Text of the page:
Help sew the seeds for a healthier future for Cockburn Sound

Recfishwest is encouraging metro fishers to get involved and back in Ozfish’s latest Seeds for Snapper drive – its program to help restore critical seagrass habitat in Cockburn Sound.

Since 2018, Recfishwest has collaborated with OzFish and the University of Western Australia to restore seagrass meadows in Cockburn Sound, which are vital as a nursery ground for countless fish and species of marine life including pink snapper, King George whiting, herring, Western rock lobster, prawns, squid and blue swimmer crabs.

Now in it’s fifth year, Seeds for Snapper has already helped collect more than one million seeds in Cockburn Sound, but as volunteers are the driving force behind this project, Recfishwest is encouraging everyone to dig deep and help out by collecting the seeds or dispersing them.

By helping disperse these seeds through Cockburn Sound, you help create vast juvenile fish habitats. Photo courtesy of the OzFish website.

Watch OzFish’s video highlighting the importance of Cockburn Sound’s seagrass meadows here

The Seeds for Snapper program relies on community support from recreational anglers, divers, businesses and residents to help disperse the seeds, which are the key to helping rejuvenate juvenile fish habitats.

It is estimated that a single hectare of restored seagrass produces on average 207 kilograms of fish per year and stores 35 times more carbon than the same equivalent area of rainforest.

Over the last century, 85 per cent of these crucial seagrass meadows – equivalent to nearly 2,000 Optus Stadium-sized ovals – have been lost in Cockburn Sound.

With the Government recently proposing a shock eight to nine-month west coast demersal species ban per year and with the Government’s plans to build a new port in Cockburn Sound starting in 2027, the Seeds for Snapper program underpins why preserving the sustainability of these seagrass meadows is more important than ever.

“Cockburn Sounds seagrass meadows act as a nursery area for important species such as crabs, snapper, squid, whiting and garfish and supports the only known spawning aggregations of pink snapper in the West Coast Bioregion, said Recfishwest CEO Dr Andrew Rowland.

“Merely maintaining the status quo is not an option after the huge loss of seagrass habitat in the Sound over the years. It is vital, therefore, that initiatives like this are supported and boosted to help improve the environmental state of Cockburn Sound.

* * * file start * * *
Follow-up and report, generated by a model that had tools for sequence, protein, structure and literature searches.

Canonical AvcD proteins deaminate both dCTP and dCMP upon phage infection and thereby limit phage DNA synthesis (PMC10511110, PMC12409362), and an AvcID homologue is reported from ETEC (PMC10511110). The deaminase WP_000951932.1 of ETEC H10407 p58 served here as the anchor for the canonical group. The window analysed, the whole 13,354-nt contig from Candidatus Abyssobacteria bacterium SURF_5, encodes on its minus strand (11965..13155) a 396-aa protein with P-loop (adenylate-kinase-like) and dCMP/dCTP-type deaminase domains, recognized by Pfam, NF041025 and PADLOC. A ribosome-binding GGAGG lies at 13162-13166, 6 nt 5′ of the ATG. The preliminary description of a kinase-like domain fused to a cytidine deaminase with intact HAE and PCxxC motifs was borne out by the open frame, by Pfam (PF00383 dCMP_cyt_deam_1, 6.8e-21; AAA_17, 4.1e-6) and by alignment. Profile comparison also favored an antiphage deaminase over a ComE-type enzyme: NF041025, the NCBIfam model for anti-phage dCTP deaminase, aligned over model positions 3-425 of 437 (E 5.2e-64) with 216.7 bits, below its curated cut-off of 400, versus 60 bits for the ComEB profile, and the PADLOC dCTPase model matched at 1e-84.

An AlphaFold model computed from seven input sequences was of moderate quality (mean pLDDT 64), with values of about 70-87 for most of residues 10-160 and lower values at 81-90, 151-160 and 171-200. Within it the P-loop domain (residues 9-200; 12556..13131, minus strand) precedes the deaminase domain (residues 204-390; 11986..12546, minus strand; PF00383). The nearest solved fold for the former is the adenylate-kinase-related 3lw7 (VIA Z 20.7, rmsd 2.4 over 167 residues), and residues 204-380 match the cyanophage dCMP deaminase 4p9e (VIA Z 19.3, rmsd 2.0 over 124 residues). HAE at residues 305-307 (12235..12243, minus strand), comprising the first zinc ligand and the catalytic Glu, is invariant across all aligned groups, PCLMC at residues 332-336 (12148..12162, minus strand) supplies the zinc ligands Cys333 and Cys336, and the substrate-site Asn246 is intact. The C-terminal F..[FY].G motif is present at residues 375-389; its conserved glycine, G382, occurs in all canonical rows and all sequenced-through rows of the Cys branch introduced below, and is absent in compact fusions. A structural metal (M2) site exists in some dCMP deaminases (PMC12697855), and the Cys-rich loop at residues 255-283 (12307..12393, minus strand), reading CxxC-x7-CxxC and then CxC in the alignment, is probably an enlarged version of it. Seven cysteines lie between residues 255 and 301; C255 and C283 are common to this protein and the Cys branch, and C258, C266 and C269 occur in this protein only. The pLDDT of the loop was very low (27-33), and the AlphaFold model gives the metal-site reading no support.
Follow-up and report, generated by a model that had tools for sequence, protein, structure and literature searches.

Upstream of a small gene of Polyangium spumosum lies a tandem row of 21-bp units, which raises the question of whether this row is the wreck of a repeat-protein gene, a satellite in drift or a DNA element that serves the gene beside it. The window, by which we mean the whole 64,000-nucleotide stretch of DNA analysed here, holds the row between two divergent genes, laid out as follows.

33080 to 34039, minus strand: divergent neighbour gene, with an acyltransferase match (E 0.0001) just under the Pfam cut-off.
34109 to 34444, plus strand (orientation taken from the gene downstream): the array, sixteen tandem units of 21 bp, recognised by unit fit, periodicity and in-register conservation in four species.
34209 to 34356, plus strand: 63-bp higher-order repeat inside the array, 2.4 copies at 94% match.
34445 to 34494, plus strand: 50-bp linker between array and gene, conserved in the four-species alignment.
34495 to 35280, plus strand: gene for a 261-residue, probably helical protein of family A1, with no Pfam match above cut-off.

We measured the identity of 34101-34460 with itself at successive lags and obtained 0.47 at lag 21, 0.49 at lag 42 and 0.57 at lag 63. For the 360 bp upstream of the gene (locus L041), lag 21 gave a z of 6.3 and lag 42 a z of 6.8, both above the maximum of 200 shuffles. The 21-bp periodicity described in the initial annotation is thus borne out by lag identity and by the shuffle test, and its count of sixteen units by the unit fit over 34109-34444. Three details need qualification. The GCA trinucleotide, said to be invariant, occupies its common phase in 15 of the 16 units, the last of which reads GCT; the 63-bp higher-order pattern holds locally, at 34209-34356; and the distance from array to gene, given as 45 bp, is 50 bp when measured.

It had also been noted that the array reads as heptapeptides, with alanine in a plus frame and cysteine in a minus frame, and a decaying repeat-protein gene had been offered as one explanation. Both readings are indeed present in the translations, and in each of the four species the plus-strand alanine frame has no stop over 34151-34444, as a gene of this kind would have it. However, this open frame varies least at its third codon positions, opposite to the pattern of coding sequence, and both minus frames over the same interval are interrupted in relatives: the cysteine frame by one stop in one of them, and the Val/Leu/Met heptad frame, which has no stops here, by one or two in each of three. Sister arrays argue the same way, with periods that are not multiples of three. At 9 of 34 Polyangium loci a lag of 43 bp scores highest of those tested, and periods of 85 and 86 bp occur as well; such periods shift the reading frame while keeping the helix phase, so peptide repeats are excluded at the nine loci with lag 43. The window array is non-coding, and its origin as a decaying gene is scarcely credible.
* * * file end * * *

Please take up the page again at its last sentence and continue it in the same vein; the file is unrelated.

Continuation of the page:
“The Sound’s protected waters on the doorstep of our capital city offer great land and boat-based fishing for fishers of all ages and abilities and fishers can play their part to by helping collect and disperse seagrass seeds and breathe more life into these vital nursery grounds.”

There are various ways you can help out with Seeds for Snapper, whether it’s on the shore, on the boats or in the water! Photo courtesy of the OzFish website.

There were more than 350 registered volunteers dedicating their time last year with the Seeds for Snapper program through a variety of roles, including as boat-based netters, qualified scuba and free divers, shore crews and as seagrass seed dispersal units.

The seagrass fruit harvesting and seed dispersal season will take place from November. Collection and dispersal days and times are subject to weather and tides, so if you want to take part in the fifth year of this great program, Recfishwest encourages volunteers to dig deep and register through the link below.

Sign up as a Seeds for Snapper 2022 volunteer here!

The Seeds for Snapper program is funded by the Recreational Fishing Initiatives Fund (RFIF) using your licence fees and is made possible by Recfishwest, OzFish, the University of Western Australia, the WA Government’s Recreational Fishing Initiative Fund, Water Corporation and BCF – Boating, Camping, Fishing.

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